The whinging points to a type of insecurity that has less to do with Amazon than with self-doubt.
Writing for the NPR station in Boston,
He starts the piece with a demand that Amazon stay out of b&m bookselling because that is the turf of indie bookstores (sounds great, so long as they stay off Amazon's turf - the web) before going on to invent a list of Amazon's supposed misdeeds:
As a former bookseller myself, I lament these events. Must Amazon nose in on the very territory that indie bookstores have cultivated for decades? In less generous moods, I complain to the heavens — or, perhaps, to “the cloud” — when is enough, enough? Can't you be satisfied with dominating online sales?
If you recall, the online giant already has several notches on its belt. It jump-started the decline of retail shopping in general, and independent bookstores in particular. But not just the indies: The bankruptcy of Borders in 2011 has been largely attributed to the rise of Amazon, and their “aggressive discounting of books online,” according to Fortune. It rules self-publishing markets and has begun to publish its own titles, not to mention Amazon’s forays into financing its own movie and TV content.
The piece is over 1,500 words long, but I won't quote it here. The whinging is too annoying.
Instead I wanted to comment on the assumptions in this piece and pieces like it. What gets me about the Amazon whinging are the subset of detractors that complain about Amazon from the assumption that this is the detractors' market, and their customers, and that big bad Amazon is coming in to steal everything.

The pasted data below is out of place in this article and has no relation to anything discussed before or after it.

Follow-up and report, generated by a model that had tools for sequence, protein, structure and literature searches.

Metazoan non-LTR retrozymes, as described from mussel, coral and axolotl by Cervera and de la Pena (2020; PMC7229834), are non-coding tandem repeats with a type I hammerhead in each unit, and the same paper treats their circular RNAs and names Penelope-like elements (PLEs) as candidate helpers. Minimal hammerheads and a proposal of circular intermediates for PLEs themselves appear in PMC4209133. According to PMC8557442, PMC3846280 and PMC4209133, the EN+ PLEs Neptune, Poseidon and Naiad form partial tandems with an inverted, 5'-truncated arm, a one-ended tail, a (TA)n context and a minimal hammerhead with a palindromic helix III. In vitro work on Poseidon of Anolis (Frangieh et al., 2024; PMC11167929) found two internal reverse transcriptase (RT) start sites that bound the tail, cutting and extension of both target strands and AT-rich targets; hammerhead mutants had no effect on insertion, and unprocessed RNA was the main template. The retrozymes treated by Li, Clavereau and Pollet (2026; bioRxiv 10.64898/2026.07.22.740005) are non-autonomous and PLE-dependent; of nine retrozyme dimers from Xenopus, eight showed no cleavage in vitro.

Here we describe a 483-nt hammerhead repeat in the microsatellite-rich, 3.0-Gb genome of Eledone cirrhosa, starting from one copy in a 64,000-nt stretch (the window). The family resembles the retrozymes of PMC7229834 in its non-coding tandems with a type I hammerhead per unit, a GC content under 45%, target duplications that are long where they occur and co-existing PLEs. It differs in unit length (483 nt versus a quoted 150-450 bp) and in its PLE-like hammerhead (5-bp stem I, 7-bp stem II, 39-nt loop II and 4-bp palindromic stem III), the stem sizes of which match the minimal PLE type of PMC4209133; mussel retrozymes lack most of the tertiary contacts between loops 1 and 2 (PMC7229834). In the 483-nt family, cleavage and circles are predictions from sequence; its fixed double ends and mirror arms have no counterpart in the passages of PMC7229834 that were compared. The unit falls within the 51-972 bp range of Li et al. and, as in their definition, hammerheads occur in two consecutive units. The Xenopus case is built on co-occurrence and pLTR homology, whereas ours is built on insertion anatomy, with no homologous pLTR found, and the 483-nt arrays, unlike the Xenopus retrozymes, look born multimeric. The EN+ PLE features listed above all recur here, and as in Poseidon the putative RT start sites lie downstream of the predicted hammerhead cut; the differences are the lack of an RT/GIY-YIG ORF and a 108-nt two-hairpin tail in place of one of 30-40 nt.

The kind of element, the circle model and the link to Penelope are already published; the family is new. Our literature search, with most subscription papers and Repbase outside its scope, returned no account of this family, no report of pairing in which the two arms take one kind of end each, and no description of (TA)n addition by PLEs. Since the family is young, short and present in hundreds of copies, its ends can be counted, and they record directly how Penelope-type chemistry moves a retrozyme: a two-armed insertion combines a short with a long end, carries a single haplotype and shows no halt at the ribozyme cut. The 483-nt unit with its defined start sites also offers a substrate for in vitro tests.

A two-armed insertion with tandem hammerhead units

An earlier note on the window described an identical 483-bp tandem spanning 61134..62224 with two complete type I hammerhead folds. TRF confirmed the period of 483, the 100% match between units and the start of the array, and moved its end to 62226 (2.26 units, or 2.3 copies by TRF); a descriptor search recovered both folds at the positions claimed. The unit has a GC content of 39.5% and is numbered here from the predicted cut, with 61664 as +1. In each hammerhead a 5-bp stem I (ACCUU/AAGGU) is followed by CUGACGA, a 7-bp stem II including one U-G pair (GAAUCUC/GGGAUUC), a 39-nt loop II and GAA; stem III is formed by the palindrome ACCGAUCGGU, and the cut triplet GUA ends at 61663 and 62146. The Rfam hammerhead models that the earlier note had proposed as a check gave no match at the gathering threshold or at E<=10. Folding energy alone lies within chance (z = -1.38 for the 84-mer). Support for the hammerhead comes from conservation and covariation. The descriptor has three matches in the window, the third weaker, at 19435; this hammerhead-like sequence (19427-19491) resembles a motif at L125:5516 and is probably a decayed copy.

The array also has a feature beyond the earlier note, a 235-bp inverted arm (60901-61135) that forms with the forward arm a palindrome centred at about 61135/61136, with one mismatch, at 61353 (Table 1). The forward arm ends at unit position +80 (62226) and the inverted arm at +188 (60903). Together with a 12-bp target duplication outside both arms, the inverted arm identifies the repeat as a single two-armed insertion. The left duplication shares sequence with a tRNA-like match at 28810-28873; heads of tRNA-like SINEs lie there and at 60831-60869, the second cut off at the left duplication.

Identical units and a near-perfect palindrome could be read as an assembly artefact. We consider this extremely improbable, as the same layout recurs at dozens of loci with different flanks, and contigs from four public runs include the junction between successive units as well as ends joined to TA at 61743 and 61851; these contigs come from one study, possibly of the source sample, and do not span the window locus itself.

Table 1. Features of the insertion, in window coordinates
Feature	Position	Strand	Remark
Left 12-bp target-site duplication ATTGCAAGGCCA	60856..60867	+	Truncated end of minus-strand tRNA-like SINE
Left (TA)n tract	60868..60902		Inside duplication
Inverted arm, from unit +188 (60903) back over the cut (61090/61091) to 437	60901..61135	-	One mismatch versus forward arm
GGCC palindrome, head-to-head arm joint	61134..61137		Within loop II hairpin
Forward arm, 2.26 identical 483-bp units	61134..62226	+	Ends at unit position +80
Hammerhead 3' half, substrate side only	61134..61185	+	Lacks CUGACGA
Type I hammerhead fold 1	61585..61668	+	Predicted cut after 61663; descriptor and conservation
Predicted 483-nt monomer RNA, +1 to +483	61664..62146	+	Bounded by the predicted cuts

There's a subtext of possessiveness and defensiveness which lies at odds with reality.
News flash: the market doesn't belong to anyone, and the customers aren't sheeple to be claimed as property.
Should a bookstore close down after an Amazon Books moves into the area, Amazon won't be guilty of stealing the market. Instead, customers will have voted with their pocketbook.
Customers will have decided that they prefer Amazon's prices and customer service over that of Amazon's competition.
And that is the unspoken subtext for the piece I quoted from.
Booksellers who attack Amazon like the one I quoted are secretly afraid that Amazon is better at customer service than they are, that Amazon will steal away customers.
That may or may not be the case, but what with Amazon now charging non-Prime members list price in its bookstores, booksellers have a lot less to worry about.
image by SounderBruce